CINCINNATI (AP) - The steel-toed Red Wing work boots stand alongside the football trophies in the entertainment center that serves as Mardy Gilyard's trophy case. He's as proud of the scruffy, size-12 footwear as anything else on display.
The boots remind him of where he was three years ago, when he had next to nothing.
Out of a scholarship. Nearly out of football. Working four jobs just to pay off his tuition bill. Sleeping on friends' sofas and occasionally living out of his 2000 Pontiac Grand Am parked on campus. Falling asleep hungry.
Only three years ago.
"I think about it every day," Cincinnati's top receiver and kick returner said. "I know that the next day is not guaranteed to you, the next play is not guaranteed. So I relish every millisecond I have around the guys, around the coaches, playing the game.
"Sometimes I wish the games would drag a little big because I know when they're done, they're done."
The 6-foot-1, 187-pound receiver recovered from his rock-bottom year, earned back his scholarship and made himself a prominent part of one of the nation's top offenses. When he puts on his size 12 cleats and gets the ball in his hands these days, he makes the games go awfully fast.
Gilyard scored four touchdowns during a 70-3 win over Southeast Missouri State on Saturday. He became the first Bowl Subdivision player to score on a punt return, a run and a catch in the same game since UCLA's Maurice Drew (now Jones-Drew) did it in 2005.
The 17th-ranked Bearcats play Saturday at Oregon State, which has won 26 straight nonconference games at home. To keep it going, the Beavers know they are going to have to figure out a way to stop Gilyard, who learned the hard way that he can be all too good at stopping himself.
Former coach Mark Dantonio recruited him out of Flagler Palm Coach High School, where he was an All-Florida offensive star. Dantonio's staff made him a backup cornerback and kick returner as a freshman in 2005.
So much promise. He wasted it so fast.
Gilyard stopped going to classes. He became academically ineligible to play. His scholarship was revoked, leaving him with a steep out-of-state tuition bill to pay. He moved his belongings into his car, filling the back seat and trunk, and set about raising the money.
He juggled four jobs. He cooked at an Italian restaurant near campus, delivered packages, sold kitchen cutlery and worked a construction job. He slept in his car. His days were a weary blur.
Gilyard did landscaping at a condominium construction site in the suburbs during the morning, then hawked knives during his lunch hour. He'd stop at a service station restroom to clean up, trade those boots for a blazer, then make a sales call at a home.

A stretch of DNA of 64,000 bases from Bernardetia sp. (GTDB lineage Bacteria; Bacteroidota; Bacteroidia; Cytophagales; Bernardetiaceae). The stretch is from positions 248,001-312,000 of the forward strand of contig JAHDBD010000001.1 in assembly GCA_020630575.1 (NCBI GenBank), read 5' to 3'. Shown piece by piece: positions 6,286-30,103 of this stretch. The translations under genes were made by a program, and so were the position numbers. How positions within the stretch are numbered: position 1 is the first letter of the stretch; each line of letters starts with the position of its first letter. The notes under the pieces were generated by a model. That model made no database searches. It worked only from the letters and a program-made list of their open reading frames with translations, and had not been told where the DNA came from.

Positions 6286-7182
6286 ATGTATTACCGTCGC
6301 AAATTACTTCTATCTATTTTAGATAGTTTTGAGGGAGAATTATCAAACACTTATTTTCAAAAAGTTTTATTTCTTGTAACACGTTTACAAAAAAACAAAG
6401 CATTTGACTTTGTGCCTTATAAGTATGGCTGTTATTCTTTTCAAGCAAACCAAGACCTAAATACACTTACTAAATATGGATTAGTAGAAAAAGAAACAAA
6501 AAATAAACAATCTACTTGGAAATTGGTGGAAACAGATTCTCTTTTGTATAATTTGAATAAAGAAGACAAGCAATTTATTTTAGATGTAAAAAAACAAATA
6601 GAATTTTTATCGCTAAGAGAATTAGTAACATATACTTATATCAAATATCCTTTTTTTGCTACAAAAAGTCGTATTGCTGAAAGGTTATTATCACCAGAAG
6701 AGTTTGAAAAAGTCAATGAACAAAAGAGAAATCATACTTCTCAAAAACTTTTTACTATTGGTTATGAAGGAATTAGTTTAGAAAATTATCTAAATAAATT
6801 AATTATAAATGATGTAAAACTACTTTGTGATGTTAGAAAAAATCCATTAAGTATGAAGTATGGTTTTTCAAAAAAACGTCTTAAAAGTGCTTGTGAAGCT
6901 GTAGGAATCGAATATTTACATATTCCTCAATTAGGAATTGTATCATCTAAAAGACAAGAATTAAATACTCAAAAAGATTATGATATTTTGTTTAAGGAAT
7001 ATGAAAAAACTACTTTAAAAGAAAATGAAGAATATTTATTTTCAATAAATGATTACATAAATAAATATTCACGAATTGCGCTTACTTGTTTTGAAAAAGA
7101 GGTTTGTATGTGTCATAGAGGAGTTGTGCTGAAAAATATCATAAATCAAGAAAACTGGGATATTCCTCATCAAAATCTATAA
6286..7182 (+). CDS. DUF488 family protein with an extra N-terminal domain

The pitch: Slice through a piece of leather or a length of rope to show the knife's sharpness, take the kitchen shears and cut through a penny to show their strength. He had to do it quick - there wasn't much time to change back into the boots and get back to work.
"I'd be at the construction site, hurry up, wash up somewhere quick, get dressed and try to get a quick one in," Gilyard said. "It was a lunch hour, so I'd try to get somebody in the area where we were working, try to get a quick sell."
There were times when the job-juggling felt like too much. He wanted to go home. His family and girlfriend talked him out of it.
"I can remember calling my girlfriend and telling her, 'Man, I'm dying,"' he said. "I just wanted to be done. She said, 'You're going through this now. Think about if you come out of it, you'll be able to tell someone else who's going through something similar.' So I stuck it out."
And, he got a break.
Coach Brian Kelly replaced Dantonio near the end of Gilyard's lost 2006 season, learned about his situation and offered to give him a scholarship once he took care of his tuition obligations.
"I just wanted to get him back into school," Kelly said. "He had bills to pay, he had rent to pay, he had a lot of things he had to overcome. We just wanted to get him started, and anything that happened in the football end of things would have been a bonus for me."
Kelly's staff moved him from cornerback to receiver, and he emerged as a dangerous deep threat in Cincinnati's no-huddle, spread offense. Senior quarterback Tony Pike is astonished by what Gilyard has overcome.
"People think that I've been through a lot since I've been here," said Pike, who broke his nonpassing forearm last season. "But it's nothing compared to what Mardy's had to deal with."
If he's ever tempted to forget, Gilyard has those two boots to get him grounded again.
"They're still dusty, just like they were the last day I worked," he said. "I can never forget it. I spent a lot of that day cutting wood.
"They're just there to remind me that hard work does pay off."